You can enter into the ruins and wander and sometimes crawl through the small openings from one room into another. Touching the cool walls deep in the recesses of the palace, calling it a palace is no exaggeration by the way, feeling the reflections of past lives pass by you, listening to the quiet that is so deep and profound until the wind finds its way through the passages, rubbing against the cool stone walls to finally brush up against your face, is an experience that cannot be duplicated. TV and movies just don’t cut it, you need to be there. Occasionally you will hear a raven call as it flies high up against the cliff face that stands behind the building it’s plaintive squawking filtering down upon you. This is a special, special place and the feeling you have is not unlike entering a cathedral, the same feeling of exhilaration and profound peace is there.
It was at Chaco that several of our interns wandered off into the desert in search of whatever was in their minds at the time. This happens. We start off with a dozen or so interns and as the trip progresses there is a certain attrition and we come back with fewer if any when the trip is over. That’s why we always take more with us than we need. One word of caution to the potential visitor to the park. You must want, really want, to get there as the last 16 miles of dirt roads will test your resolve. Anything over ten miles an hour will have a disastrous effect on your vehicle. The Bokeh Maru made it without mishap but it let its displeasure be known to us by showing everyone all the new squeaks and rattles and fallen off bits that it incurred during the trip there.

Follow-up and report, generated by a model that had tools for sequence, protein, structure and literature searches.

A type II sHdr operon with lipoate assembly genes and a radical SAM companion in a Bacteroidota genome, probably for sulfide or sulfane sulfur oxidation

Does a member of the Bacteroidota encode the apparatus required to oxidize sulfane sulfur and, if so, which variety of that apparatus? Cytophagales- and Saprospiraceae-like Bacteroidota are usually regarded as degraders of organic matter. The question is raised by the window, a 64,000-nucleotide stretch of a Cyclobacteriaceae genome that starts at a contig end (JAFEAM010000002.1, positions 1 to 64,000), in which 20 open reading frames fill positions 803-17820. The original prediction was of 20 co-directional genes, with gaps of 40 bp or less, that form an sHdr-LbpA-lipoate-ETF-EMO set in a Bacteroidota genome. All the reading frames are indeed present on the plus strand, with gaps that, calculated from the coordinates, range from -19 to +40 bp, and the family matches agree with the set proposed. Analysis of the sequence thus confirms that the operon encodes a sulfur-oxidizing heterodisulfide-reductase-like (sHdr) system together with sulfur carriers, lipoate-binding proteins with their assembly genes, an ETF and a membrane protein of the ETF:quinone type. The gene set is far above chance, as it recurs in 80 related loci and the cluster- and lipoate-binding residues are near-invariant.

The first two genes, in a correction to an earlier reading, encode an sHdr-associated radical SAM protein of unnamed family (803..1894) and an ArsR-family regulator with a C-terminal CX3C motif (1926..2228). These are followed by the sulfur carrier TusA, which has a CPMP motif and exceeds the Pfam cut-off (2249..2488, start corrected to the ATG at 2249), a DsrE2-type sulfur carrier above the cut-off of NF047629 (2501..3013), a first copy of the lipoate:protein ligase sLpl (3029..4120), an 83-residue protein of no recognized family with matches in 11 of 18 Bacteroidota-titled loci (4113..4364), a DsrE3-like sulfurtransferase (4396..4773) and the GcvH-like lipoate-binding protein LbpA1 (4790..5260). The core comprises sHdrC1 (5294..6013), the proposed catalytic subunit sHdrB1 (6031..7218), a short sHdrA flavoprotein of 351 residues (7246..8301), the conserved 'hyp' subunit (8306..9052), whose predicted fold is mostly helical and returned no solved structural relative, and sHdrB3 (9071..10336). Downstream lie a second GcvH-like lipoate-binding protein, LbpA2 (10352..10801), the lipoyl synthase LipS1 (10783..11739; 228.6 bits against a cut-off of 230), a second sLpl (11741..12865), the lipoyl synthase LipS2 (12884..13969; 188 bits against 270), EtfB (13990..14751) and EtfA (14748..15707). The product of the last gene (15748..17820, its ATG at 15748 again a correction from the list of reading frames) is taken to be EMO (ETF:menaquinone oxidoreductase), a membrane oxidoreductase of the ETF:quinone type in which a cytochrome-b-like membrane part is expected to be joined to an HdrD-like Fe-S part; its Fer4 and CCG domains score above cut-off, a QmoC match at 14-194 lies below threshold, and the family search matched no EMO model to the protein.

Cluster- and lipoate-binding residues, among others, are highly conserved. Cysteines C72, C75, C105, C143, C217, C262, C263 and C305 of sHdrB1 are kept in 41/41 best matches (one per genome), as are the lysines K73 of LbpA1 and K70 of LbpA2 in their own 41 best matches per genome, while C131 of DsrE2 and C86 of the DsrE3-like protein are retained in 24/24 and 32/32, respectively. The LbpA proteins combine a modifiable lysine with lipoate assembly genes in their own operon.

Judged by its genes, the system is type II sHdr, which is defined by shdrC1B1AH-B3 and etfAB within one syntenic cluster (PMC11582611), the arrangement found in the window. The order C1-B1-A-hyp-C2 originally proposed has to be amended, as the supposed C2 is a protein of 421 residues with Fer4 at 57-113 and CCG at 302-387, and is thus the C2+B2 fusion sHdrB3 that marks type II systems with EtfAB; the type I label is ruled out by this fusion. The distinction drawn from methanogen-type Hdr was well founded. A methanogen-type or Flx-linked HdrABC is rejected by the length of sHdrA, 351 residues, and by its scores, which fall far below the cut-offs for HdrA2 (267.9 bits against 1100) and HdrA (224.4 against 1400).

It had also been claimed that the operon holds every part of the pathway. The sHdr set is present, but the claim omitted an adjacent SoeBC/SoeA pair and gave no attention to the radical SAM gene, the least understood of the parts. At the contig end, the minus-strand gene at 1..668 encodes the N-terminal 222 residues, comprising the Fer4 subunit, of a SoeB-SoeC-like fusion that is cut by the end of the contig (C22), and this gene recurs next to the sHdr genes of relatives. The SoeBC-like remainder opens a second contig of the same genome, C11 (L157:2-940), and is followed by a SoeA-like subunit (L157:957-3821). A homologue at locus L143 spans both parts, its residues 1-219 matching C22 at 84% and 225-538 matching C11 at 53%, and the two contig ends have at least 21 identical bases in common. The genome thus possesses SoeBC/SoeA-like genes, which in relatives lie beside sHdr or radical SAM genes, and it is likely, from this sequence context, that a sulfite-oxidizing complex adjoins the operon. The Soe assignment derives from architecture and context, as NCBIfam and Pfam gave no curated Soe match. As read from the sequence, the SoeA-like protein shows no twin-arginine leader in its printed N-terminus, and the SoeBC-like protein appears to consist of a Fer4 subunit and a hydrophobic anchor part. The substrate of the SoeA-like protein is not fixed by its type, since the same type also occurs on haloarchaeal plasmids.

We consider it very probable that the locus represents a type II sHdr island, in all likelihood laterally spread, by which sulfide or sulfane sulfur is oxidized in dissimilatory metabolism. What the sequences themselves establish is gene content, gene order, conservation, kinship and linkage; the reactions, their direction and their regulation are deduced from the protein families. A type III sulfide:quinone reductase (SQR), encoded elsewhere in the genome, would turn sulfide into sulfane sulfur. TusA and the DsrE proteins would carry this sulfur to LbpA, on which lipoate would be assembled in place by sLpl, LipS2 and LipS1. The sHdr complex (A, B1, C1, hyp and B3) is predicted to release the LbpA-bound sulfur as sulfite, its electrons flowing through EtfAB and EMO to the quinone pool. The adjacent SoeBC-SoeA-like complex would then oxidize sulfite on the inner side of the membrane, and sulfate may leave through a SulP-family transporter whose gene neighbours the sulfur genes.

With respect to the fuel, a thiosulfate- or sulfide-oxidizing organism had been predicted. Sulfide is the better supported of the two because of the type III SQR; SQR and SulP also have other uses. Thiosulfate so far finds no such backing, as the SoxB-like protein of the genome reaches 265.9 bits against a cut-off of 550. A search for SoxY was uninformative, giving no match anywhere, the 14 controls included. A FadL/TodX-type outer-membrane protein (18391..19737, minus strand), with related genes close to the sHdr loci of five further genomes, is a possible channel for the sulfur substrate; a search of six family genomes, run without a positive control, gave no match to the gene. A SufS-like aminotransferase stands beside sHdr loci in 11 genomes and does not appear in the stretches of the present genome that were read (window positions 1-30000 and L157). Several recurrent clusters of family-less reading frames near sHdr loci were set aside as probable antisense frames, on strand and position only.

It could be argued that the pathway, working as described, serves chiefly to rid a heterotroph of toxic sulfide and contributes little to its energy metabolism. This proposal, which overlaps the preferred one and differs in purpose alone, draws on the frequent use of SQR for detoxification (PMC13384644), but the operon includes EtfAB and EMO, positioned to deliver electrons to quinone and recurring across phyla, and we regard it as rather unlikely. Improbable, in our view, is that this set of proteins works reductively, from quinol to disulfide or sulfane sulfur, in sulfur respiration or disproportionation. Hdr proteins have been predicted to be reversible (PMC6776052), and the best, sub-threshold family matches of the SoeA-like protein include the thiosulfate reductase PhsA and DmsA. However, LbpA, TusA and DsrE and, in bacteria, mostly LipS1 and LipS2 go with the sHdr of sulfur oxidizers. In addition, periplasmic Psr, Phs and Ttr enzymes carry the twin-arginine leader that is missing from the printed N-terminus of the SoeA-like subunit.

After Chaco we returned to roads that had blacktop and concrete on them and things got easy again. We arrived at the Gathering of Nations without further mishap and although we had been told it was big, we were unprepared for the enormity that greeted us. It was held in the West Pies arena in Albuquerque and the word was thousands upon thousands of visitors attended it. This was probably an understatement as it felt like a lot more. There were over 2800 registered dancers and competitors alone registered for the show. It is almost beyond words to describe the cacophony of color and sound and whirling bodies and drums and singers that assaulted your senses in a good way when you walked into the arena. This was a huge event and we’ll be posting images from it for some time trying to give you some feeling for how it felt to be there.
This is where we lost the rest of our interns. There were only seven or eight left by that point anyway. We should have known better. It was just too overwhelming an event to thrust these young minds into. Occasionally we would see one of our interns out in the middle of the arena floor dancing with abandonment, eyes rolled up into their heads, oblivious to the modern world, then they would be lost in the swirling crowds of dancers on the floor and that would be our last glimpse of them. We were sorry to lose them of course but it did improve the Bokeh Maru’s gas mileage on the trip home.
Soon, as our processing department catches up on the several thousand images taken while we were there we will begin posting them for you viewing pleasure. As always it feels good to make it back to The Institute unscathed, or perhaps just a little scathed. Everything connected to The Institute’s grounds survived our absence and we’re beginning to regroup and prepare for the next excursion. The summer is filled with exciting events to attend and we’ve scheduled many of them. Stayed tuned for details of our travels and adventures. Maybe we’ll see you out there.